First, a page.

Love as Jesus knows it and expresses it acts to give whatever it possibly can for the most righteous reason. The only question that matters is: To whom do you ultimately belong? If the answer is: to God, then the things that are God’s are everything …the sum total of who we are. Jesus is about to do this, to give up his life for us, the ones he loves, When we truly love someone, we are eager to give and to honor them in every way we can. In the marriage service, the bride and the groom exchange rings as symbols of the vows they have made to each other with these words: “with all that I am and all that I have, I honor you in the Name of the Father and of the Son and of the Holy Spirit.” Can we honor God with any less that all that we are and all that we have…using what has been given to us for the work that has been given to us to do as followers of Jesus Christ?
The incredible impact of this little story derives its power from the integrity of Jesus’ answer and its implications for us. It is not about politics… It is not even about economics or taxes at all, but as always in Jesus’ pronouncements, about relationship with God. It is about where we assign our ultimate commitment of loyalty and trust. There are many Caesars and a wide variety of coinage competing with the Lord for our time and attention, for our obedience and service, for our love and respect. Jesus asks us, Show me the coin used for the tax…Whose head is this, and whose title?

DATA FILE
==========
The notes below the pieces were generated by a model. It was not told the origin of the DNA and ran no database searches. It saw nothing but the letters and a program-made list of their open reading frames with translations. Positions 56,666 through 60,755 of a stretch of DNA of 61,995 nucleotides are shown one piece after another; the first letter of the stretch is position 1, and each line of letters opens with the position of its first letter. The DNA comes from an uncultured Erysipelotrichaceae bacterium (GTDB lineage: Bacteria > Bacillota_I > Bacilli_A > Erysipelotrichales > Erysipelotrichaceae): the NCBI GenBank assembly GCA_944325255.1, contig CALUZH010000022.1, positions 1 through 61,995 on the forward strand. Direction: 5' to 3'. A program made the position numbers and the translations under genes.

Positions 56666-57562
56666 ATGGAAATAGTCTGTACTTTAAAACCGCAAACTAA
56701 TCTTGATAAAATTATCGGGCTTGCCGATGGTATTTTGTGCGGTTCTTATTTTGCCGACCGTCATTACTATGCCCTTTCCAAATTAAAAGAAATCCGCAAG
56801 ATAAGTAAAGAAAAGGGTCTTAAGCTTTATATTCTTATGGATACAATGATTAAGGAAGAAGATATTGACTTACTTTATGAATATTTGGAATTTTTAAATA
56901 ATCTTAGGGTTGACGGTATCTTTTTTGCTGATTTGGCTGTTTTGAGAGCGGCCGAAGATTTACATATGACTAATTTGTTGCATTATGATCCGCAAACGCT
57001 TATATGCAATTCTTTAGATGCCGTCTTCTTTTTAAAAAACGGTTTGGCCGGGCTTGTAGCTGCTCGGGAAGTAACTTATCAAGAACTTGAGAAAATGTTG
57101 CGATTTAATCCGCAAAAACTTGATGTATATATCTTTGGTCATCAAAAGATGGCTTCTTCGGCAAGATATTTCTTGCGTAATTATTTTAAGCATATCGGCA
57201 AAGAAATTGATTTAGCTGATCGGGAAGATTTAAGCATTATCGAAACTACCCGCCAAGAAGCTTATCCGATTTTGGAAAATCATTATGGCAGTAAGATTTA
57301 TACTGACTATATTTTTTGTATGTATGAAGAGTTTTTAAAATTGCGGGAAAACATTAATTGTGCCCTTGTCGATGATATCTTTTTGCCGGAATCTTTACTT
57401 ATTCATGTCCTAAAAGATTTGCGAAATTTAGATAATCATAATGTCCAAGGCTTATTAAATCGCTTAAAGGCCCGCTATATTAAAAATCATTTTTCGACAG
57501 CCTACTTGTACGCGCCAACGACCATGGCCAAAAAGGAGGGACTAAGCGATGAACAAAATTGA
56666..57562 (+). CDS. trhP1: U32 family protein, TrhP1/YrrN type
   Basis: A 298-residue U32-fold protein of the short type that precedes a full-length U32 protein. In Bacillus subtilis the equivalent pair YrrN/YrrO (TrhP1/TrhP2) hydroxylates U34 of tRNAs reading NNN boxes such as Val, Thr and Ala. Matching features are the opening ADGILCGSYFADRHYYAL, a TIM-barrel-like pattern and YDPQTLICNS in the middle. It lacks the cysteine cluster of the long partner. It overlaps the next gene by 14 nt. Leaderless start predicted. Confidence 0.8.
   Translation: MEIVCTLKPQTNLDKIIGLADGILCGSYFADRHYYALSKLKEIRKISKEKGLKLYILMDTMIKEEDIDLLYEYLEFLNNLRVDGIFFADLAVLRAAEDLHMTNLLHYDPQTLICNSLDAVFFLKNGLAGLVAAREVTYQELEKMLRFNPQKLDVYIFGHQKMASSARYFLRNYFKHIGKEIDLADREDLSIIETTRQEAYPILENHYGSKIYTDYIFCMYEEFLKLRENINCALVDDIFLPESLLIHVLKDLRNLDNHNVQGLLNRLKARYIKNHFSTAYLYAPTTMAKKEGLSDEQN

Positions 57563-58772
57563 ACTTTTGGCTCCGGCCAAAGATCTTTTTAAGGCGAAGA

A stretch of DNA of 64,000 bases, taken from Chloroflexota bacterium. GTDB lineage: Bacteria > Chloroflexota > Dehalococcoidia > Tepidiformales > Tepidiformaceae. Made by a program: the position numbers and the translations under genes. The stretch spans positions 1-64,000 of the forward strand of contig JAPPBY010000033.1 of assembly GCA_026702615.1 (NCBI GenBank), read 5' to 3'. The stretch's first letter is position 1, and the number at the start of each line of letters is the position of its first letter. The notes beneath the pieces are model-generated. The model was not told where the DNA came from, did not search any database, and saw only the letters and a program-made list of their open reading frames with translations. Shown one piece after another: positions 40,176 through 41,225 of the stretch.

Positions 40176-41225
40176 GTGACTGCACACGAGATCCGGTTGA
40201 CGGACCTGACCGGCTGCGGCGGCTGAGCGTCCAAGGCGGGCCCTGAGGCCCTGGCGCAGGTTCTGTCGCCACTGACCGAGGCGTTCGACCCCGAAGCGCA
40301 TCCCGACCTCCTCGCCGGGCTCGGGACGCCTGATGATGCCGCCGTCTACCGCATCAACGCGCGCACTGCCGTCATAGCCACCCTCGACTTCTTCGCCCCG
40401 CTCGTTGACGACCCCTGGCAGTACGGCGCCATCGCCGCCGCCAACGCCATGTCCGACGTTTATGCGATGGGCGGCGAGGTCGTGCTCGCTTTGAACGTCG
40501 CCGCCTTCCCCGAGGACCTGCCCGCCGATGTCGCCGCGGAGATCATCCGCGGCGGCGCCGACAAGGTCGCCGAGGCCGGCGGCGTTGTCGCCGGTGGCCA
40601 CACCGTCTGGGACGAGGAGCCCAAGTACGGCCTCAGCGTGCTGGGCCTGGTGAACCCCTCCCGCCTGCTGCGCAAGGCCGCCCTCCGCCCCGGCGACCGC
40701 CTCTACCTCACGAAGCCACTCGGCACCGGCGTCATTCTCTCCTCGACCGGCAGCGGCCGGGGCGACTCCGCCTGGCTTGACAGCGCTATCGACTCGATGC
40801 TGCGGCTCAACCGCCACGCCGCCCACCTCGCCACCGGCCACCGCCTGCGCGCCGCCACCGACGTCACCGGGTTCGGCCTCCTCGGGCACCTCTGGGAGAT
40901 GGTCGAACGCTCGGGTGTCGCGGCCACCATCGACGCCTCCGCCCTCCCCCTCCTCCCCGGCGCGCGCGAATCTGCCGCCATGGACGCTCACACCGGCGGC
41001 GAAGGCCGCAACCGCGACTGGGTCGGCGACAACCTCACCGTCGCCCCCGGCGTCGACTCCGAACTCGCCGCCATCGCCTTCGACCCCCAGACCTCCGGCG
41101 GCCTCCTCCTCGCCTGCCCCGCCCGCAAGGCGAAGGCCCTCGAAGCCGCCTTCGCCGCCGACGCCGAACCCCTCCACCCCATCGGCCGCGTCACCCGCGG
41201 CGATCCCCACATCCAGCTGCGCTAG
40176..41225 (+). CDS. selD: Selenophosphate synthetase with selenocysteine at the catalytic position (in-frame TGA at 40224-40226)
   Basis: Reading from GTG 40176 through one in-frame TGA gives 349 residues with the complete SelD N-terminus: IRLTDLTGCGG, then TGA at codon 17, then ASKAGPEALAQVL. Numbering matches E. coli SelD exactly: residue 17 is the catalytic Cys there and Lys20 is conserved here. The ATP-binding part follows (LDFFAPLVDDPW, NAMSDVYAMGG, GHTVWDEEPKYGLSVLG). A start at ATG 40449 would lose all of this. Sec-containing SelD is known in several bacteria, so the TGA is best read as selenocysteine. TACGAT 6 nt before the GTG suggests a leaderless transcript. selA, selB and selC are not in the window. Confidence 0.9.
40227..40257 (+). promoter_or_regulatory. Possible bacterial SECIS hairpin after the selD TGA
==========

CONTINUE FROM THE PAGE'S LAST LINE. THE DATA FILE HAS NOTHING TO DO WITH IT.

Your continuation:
When we can answer the question Jesus asks, we can begin to discern our idolatries and our true loyalties. Hearts open to hear the message of the Gospel that comes to us not in word only, but also in the power of the Holy Spirit can turn to God from the idols we serve in this world to the service of a living and true God. God’s Grace will give us the power to do this.
Committing our lives and our treasure in this way is a little like jumping into the deep end of a pool of cold water. Some of us prefer to start in the shallow end and walk in slowly, getting used to it step by step...some of us dive from the high board. However we get into the water, the important thing is the refreshment we experience once we are swimming there. The prospect of actually getting into the water that loomed in such a daunting way is overcome once we are all wet. Children jump right in. As adults we have to get used to things and make laborious decisions that children make easily and spontaneously. It is that childlike spirit of trust that we reclaim when we acknowledge God as the head of our household and father of all…the only trust that will never betray us…the ultimate commitment that will save our souls.
Full conviction can work miracles. What we commit to God, God uses for the work of love: transformation, reconciliation and resurrection. This is the work of grace and mercy. It brings the good news of salvation, it sings the new song of peace, it knows the beauty of holiness and the joy of the Lord’s presence. What we give to earthly empires eventually crumbles to dust, but what honors we ascribe to the Lord and the offerings we bring into his courts from the overflowing bounty of our hearts will last forever. The question Jesus puts before each of us is this: Do you see what you present to the Lord as tax or as gift? Dare to answer this question and to make a new commitment to the Lord…to see the likeness of God on the currency of your life …on what you receive and what you give… and you will experience the miracle of transformation from fear to courage, from poverty to plenty, from anxiety to peace. Amen.